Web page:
6 things you can do to combat antisemitism

By Carl Zebrowski

Editor of Hakol

Panelists at the Summit for Antisemitism did more than update the crowd on the current state of antisemitism and what’s being done to address the problem. Their coverage of the day’s topics can be pared down to a to-do list for the defense. Here are some things you and your businesses and organizations can work on now:

1. Be Aware
Know what to look for. There are more possibilities than you may think. Consider the number 18, for example. You know it as a symbol of good luck. But it’s also a symbol for Adolf Hitler — the 1 stands for A and the 8 for H, based on the letters’ places in the alphabet. Hate groups are no doubt proud of themselves for coopting the good luck symbol for their own ends, if they realize it. 18 still means luck, of course, but not if it’s spray-painted on a synagogue door. To learn about more hate symbols you may not know, visit the Anti-Defamation League’s hate symbols web page at adl.org/resources/hate-symbols/search.

Also, pay attention to trends. “What we see in the bigger cities makes its way to the smaller communities,” said Aaron Gorodzinsky of the Jewish Federation. “We know what’s coming.”

2. Prepare
“You can’t build the organizations and systems you need when you need them,” said Adam Teitelbaum, associate vice president of public affairs for the Jewish Federations of North America. Make sure your organizations are building relationships with other groups, improving security measures and training their people in advance on what to do right now and what to do if the unthinkable happens.  

3. Report, Report, Report
That exact wording came from Lieutenant William Slaton of the Pennsylvania State Police. People tend to keep quiet about incidents that they’ve witnessed, sometimes uncertain whether an act was worthy of follow-up. A national survey of Hillels concluded that about two-thirds of those who experienced an antisemitic act did not report it. “If you’re unsure,” Slaton said, “just report it to law enforcement.” If the incident is an emergency or just happened, call 911. If not, you can report it to the ADL at adl.org/report-incident.

Once you report the incident to authorities, organizations ranging from the ADL to local police to the FBI will work together as necessary to investigate and take further action. Don’t follow up your reporting by unnecessarily making the news public. “There’s a tendency to post it on your social media,” said Andrew Goretsky of the ADL. “Don’t do that. We don’t want to give them any more publicity.”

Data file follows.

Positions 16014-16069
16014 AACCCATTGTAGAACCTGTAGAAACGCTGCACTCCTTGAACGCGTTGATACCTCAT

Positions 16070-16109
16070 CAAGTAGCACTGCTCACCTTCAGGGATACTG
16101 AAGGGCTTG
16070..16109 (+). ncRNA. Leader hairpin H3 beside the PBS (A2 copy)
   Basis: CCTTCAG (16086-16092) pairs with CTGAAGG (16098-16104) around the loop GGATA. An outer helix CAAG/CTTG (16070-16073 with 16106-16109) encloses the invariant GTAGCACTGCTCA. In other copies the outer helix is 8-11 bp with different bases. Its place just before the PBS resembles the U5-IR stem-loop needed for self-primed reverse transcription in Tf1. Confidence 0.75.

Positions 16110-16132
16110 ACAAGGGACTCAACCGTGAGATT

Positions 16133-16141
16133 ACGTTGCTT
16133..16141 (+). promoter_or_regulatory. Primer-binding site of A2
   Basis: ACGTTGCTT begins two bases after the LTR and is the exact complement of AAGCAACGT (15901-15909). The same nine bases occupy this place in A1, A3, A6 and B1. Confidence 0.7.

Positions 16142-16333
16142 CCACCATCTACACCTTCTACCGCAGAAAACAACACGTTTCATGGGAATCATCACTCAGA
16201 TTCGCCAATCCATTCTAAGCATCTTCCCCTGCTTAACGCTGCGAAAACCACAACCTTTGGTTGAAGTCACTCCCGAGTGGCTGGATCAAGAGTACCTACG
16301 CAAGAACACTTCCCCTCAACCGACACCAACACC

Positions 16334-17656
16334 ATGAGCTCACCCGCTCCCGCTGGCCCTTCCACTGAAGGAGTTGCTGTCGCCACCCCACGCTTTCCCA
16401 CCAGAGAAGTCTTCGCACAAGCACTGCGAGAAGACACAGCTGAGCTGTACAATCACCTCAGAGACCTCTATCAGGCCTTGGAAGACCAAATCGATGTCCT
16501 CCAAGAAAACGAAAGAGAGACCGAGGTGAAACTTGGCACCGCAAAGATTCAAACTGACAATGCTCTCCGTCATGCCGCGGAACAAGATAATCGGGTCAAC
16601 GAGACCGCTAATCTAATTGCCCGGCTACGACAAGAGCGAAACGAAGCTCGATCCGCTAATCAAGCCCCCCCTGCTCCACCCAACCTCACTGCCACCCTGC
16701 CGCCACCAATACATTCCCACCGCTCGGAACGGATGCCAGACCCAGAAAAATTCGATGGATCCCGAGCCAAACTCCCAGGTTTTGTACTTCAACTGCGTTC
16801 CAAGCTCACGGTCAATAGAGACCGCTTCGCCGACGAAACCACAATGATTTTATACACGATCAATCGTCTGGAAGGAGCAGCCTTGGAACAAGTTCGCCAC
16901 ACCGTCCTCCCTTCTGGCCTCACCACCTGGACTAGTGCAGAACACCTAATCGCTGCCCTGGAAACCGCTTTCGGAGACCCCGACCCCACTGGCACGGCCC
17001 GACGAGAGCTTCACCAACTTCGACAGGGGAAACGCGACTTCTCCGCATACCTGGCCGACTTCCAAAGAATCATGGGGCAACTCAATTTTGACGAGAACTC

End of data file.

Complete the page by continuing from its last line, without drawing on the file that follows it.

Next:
4. Lobby Local
“I cannot emphasize enough how much of this is based on local participation,” Teitelbaum said. Critical decisions on legislation, law enforcement, security funding and education all start there, yet too many efforts focus on the national.

So, attend local school board meetings and voice needs and concerns. Bad things can happen at the school board level, with elected members potentially blocking education efforts and worse. Experience shows that attitudes and actions there spread to the state and national levels.

Also, call your various elected representatives to press for legislative action. “Hearing from constituents directly is one of the most impactful things,” said U.S. Rep. Susan Wild.

5. Educate
Teach your kids about the Holocaust, antisemitism and hate crimes. “Go home today and have a conversation with the younger people in your life,” Teitelbaum said. “When we stand on the shoulders of the generation before us, we can see a future the previous generation couldn’t. And the generations after us are standing on our shoulders.”

See that your schools are teaching the other kids about those things too. And remember that they’ll require informational and physical resources to do that. “It’s our responsibility to make sure the schools have what they need,” Gorodzinsky said.

6. Come Together
“Unless everybody is safe, no one’s safe,” said Robin Schatz, director of government affairs for the Jewish Federation of Greater Philadelphia. Jewish institutions are better prepared than others, Gorodzinsky said, so they can guide others on what actions to take and how to improve security. “We have guards. We have cameras,” he said. “The bad guys don’t just go home and have a cup of coffee. They go to the next available church.”